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France Plans to Build a Wind Farm Off The Coast of D-Day Beaches

Friday, 22 Jul 2011 03:01 PM

France’s plan to install a wind turbine complex off the D-Day coast has created an uproar, reports the Telegraph
“I think it’s a disgusting affair,” said Jack Martin, a Canadian veteran who was among the thousands of soldiers to storm Juno Beach on June 6, 1944. “I saw so many of my buddies and friends die on Juno Beach that I figure it is very hallowed grounds.”
French President Nicolas Sarkozy has been heavily criticized for approving the project. The nation’s government announced last week that it was receiving tenders for over 1,000 wind turbines off France’s northwestern coast, including at Courseulles-sur-mer, where Juno Beach is located. The wind farm is expected to power more than 4.5 million homes after its estimated 2020 completion.
The ecological utility of a wind farm has not been enough to sway critics, however. Many continue to insist that a wind farm will ruin the somber and historic feeling of Juno Beach, which was the target of the Third Canadian Infantry Division supported by Royal Marine Commandos on D-Day.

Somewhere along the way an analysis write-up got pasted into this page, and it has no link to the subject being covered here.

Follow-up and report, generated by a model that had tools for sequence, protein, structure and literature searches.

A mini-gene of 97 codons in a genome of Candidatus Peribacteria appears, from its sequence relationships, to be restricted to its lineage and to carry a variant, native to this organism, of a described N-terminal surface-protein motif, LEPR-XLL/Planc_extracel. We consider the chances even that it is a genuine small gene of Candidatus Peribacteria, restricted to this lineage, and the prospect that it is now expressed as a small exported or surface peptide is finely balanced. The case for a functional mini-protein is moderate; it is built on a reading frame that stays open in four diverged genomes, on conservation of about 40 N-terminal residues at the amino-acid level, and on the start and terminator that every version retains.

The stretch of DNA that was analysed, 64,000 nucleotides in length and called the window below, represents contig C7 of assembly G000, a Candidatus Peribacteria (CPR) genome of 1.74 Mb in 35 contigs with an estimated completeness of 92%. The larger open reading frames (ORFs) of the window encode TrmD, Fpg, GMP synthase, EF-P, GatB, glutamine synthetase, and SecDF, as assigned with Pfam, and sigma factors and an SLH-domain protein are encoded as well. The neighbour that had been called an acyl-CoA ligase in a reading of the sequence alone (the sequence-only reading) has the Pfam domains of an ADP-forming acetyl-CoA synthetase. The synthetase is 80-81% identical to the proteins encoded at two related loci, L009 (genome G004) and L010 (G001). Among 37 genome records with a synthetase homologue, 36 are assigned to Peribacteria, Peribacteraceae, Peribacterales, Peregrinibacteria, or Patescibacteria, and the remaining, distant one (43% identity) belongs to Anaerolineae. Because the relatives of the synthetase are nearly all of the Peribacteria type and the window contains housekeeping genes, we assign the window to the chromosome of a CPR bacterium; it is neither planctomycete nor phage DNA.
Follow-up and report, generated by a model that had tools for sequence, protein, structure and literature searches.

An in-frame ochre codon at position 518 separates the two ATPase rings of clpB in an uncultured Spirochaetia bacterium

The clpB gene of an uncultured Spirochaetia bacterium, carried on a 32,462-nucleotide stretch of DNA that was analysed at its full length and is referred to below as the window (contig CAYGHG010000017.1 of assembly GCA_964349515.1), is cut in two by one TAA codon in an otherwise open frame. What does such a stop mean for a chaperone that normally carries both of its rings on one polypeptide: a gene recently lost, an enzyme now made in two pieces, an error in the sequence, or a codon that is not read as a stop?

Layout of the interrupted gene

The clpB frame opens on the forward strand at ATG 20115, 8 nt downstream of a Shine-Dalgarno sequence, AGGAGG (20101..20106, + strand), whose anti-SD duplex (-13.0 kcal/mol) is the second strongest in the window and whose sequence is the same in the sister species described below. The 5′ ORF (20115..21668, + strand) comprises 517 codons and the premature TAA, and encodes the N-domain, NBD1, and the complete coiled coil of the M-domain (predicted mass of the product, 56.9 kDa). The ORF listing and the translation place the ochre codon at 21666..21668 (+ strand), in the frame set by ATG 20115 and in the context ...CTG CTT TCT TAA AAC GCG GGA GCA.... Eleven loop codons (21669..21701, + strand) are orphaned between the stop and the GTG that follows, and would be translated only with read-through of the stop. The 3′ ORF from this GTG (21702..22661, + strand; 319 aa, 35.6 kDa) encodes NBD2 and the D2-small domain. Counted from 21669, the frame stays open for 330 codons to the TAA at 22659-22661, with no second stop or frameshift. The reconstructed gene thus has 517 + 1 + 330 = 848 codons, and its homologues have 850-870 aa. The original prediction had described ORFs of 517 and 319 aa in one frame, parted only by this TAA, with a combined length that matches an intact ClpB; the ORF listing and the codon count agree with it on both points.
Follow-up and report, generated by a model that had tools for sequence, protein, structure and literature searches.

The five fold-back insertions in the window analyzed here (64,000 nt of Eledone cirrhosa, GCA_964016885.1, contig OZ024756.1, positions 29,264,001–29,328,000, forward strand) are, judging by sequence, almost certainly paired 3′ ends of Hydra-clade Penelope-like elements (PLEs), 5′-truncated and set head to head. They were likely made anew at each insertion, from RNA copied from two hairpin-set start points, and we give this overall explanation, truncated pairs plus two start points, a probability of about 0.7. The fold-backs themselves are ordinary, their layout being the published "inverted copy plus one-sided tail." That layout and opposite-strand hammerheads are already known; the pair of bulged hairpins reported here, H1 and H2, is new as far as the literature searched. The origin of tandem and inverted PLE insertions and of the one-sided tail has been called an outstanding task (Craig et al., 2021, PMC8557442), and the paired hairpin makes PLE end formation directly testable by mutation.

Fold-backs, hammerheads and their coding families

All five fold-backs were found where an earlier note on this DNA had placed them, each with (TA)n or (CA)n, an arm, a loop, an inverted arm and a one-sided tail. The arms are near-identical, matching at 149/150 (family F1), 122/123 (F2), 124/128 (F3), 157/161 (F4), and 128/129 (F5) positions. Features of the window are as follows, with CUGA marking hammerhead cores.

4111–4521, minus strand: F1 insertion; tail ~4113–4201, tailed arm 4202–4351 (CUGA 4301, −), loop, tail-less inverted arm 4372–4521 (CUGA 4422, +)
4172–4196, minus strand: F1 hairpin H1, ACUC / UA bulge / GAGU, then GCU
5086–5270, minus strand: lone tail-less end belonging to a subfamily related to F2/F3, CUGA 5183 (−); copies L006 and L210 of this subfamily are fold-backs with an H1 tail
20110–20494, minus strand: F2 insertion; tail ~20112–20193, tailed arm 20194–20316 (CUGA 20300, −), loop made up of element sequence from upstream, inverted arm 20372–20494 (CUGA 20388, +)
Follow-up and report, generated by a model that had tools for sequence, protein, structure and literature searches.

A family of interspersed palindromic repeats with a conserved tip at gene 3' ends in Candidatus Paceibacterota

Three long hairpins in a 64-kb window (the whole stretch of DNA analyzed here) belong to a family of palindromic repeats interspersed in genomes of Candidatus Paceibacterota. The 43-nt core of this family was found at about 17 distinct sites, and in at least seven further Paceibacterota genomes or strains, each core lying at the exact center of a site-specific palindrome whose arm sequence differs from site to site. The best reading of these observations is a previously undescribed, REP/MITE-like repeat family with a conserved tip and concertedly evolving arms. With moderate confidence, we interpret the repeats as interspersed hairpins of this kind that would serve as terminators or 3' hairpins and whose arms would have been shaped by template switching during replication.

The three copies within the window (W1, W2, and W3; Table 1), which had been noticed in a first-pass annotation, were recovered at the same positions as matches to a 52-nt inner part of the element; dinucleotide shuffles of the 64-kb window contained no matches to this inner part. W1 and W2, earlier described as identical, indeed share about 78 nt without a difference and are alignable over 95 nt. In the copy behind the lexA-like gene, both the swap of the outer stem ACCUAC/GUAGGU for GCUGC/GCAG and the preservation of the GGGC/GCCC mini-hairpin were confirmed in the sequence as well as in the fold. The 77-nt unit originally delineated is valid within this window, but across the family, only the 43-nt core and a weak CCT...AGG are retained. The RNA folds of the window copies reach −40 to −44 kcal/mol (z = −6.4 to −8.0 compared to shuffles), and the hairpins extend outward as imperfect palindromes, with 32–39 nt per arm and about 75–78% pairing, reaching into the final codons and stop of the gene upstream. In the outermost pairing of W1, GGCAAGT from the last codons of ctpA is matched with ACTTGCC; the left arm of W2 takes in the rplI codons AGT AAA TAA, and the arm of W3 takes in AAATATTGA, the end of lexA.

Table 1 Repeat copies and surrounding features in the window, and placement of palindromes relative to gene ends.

“To be able to walk those beaches, and see them and imagine them as if it was 1944 is, in some ways, essential to keeping that historical memory alive, and in turn that memory shapes and forms our identity today," says historian Rudyard Griffith.
"Three million tourists come from the world over to the landing beaches. The first thing they do is look at the line of horizon from where the landings came,” added Gérard Lecornu, president of the Port Winston Churchill Association of Arromanches. “D-Day is in our collective memory. To touch this is a very grave attack on that memory."
France’s government, however, defends the project wholeheartedly on the grounds that it will supply jobs, provide a more efficient form of energy, and bring France into the modern age of energy use. Government officials also claim that the visual effect of the wind farm will be very low, as the turbines will only look like “matchsticks” to the naked eye.
More than 4,000 people from 50 countries have signed an online petition against the plan.

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